CIOs, don't be a digital scapegoat

Enthusiasm for technology led change is admirable, but CEOs could be letting you take the wrap for change that is as much their responsibility, as yours

This is a warning to the CIO community. Chief Information Officers (CIO) could be made the scapegoats (again) of organisations that fail to digitally transform. Despite a new decade. Despite the success of many organisations to trade through the pandemic and the global lockdown heralded by Coronavirus, there is growing evidence that senior technology leaders will be at the end of the pointed finger when digital transformations fail to live up to expectations. 

Sadly this is nothing new, in the 12 years I have charted the CIO and CTO community, and led industry forums, there have been a series of high-level buck passes that certain "world leaders" would recognise as their daily methodology. From broadcasters to retailers via manufacturers and the travel sector, CIOs have carried the blame for major business breakdowns or missed technology opportunities. On occasion, the blame is correctly apportioned, and a CIO has been unable to deliver the goods. But time and time again, the collapse is deeper rooted than merely the technology in use, and the team carrying out the implementation. 

A study by executive search and interim management specialists Savannah Group makes insightful reading and cause for alarm for many in senior business technology leadership. The Annual Technology Leader Survey finds a belief gap between CEOs and CIOs, with the former exhibiting a loss of faith in their technology leaders, whilst CIOs find they have been tasked with a role that if questioned by advertising standards bodies would fall short of accuracy. Over 80% of CIOs in the survey report that their role is not closely aligned with the initial understanding of the remit given upon joining the business. These two differences of understanding and opinion are leading to digital transformation programmes disappointing the customer, team members and ultimately the shareholder.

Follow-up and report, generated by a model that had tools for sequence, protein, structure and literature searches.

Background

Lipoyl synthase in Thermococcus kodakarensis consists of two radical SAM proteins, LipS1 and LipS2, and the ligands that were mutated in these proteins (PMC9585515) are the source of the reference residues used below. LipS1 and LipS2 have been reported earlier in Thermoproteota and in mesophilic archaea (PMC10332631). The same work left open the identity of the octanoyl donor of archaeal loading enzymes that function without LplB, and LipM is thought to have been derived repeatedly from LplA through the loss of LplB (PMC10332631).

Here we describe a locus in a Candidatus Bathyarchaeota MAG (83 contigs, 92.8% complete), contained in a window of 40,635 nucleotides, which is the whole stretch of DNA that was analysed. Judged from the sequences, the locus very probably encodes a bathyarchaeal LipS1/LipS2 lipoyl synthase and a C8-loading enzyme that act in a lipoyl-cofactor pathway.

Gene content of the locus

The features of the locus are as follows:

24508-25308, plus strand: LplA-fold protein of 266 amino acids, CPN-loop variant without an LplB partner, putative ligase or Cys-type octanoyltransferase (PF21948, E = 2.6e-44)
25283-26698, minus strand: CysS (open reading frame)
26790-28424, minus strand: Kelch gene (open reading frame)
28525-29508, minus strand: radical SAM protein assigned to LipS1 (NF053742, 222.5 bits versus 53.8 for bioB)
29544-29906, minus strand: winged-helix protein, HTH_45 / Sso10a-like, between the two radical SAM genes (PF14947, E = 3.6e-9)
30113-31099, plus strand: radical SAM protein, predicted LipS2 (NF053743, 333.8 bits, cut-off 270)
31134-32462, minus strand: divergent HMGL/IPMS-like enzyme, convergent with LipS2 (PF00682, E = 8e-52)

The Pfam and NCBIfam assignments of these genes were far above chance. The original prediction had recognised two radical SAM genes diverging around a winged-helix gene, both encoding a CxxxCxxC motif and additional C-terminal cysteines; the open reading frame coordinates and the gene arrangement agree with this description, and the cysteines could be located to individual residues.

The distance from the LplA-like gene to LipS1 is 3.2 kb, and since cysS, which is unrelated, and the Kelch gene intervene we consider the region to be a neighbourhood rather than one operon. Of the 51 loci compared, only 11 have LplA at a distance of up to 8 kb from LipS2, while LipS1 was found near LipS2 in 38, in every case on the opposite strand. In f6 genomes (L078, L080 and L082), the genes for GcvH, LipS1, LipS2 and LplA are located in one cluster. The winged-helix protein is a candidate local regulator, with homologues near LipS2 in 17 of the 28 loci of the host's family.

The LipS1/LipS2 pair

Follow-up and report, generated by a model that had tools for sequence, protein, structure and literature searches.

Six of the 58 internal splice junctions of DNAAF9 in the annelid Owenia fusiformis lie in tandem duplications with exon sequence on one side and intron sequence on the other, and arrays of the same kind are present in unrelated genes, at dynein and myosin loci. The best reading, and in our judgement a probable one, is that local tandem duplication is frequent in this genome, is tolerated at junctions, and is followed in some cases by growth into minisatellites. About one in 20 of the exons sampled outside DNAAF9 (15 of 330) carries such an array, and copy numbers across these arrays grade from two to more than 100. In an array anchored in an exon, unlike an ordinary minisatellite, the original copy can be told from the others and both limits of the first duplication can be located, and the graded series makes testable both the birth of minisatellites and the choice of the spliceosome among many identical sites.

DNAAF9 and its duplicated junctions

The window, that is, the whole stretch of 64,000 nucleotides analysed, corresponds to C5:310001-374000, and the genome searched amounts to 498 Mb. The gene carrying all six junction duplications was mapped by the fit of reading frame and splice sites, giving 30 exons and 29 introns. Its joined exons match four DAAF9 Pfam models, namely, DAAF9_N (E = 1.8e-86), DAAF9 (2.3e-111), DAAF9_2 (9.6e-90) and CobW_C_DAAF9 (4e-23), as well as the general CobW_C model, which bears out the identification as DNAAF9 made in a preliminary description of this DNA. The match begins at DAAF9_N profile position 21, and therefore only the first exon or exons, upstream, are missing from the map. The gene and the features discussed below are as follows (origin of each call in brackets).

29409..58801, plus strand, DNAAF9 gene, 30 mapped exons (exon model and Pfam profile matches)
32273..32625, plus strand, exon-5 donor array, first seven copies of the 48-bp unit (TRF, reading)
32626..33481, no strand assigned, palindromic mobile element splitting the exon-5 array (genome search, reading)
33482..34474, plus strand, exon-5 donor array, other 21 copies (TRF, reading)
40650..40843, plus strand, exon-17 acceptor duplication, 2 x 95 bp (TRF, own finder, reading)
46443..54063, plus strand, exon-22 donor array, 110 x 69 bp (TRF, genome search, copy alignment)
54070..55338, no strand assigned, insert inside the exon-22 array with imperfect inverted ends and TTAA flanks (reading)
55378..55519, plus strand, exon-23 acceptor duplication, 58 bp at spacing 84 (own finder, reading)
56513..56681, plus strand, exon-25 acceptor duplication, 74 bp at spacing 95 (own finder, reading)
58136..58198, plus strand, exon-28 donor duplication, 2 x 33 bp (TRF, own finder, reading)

The Annual Technology Leader Survey will not be comfortable reading for many in business technology leadership. CIOs are at risk of being made the scapegoat, in my interpretation of the survey for two key reasons. Firstly, CIOs are being tasked with, and accepting, an inordinately high level of responsibility for the digital transformation of the business. Digital transformation, innovation, technology-led change, call it what you will, is an entire business programme of renewal. It is not the implementation and delivery of a tool from the IT department. Yet the Savannah Group report suggests that organisations are expecting the CIO and IT to completely transform the business, yet taking little responsibility for the outcome themselves - unless it is successful!

Why does this scenario exist? In my experience, CIOs and CTOs are on the whole passionate and enthusiastic people. They care for the organisation and its purpose, and their long-held interest in technology enables them to see how new processes or technologies can improve the margin, reduce cumbersome actions, delight a customer or increase success. That animation is infectious, and in many cases an absolute winner in the interview process. Perhaps it's dangerous too. A passionate CIO, bursting with ideas, can suddenly seem like the ideal person to not only digitally transform the business, but fix that sticky problem with the manufacturing plant in Germany, or the costly processes used in onboarding new customers. Before too long, the CIO is being given a few extra responsibilities. Over half of the CIOs in the Savannah Group study report their initial understanding of the role does not at all align with their actual responsibilities.  

So enthusiasm is good and possibly a strength that is becoming a weakness, as CIOs are hoodwinked into taking on the lion's share of digital transformation responsibility. If organisations are serious about digital transformation, then each and every member of the organisation; and especially the leadership team, has to take responsibility for that change; the second risk factor CIOs face. The study finds 65% of CIOs report business culture was the main inhibitor to change. A statistic few in the business technology community will be surprised by. Culture change is hard and will require the full involvement of all members of the leadership team and their staff; and culture change will only really stick if the way the organisation is measured changes, and reflects the process of change, and then the way the organisation operates in the future. Sales targets are not a key performance indicator (KPI) that enables a new culture to flourish. 

The study indicates that CIOs continue to struggle with stakeholder management and influencing skills, which in effect sets them up to become the scapegoat should a transformation not materialise. Legacy technologies and business processes continue to dog both the CIO and the transformation plans, nearly half of respondents said business processes were preventing transformation. 

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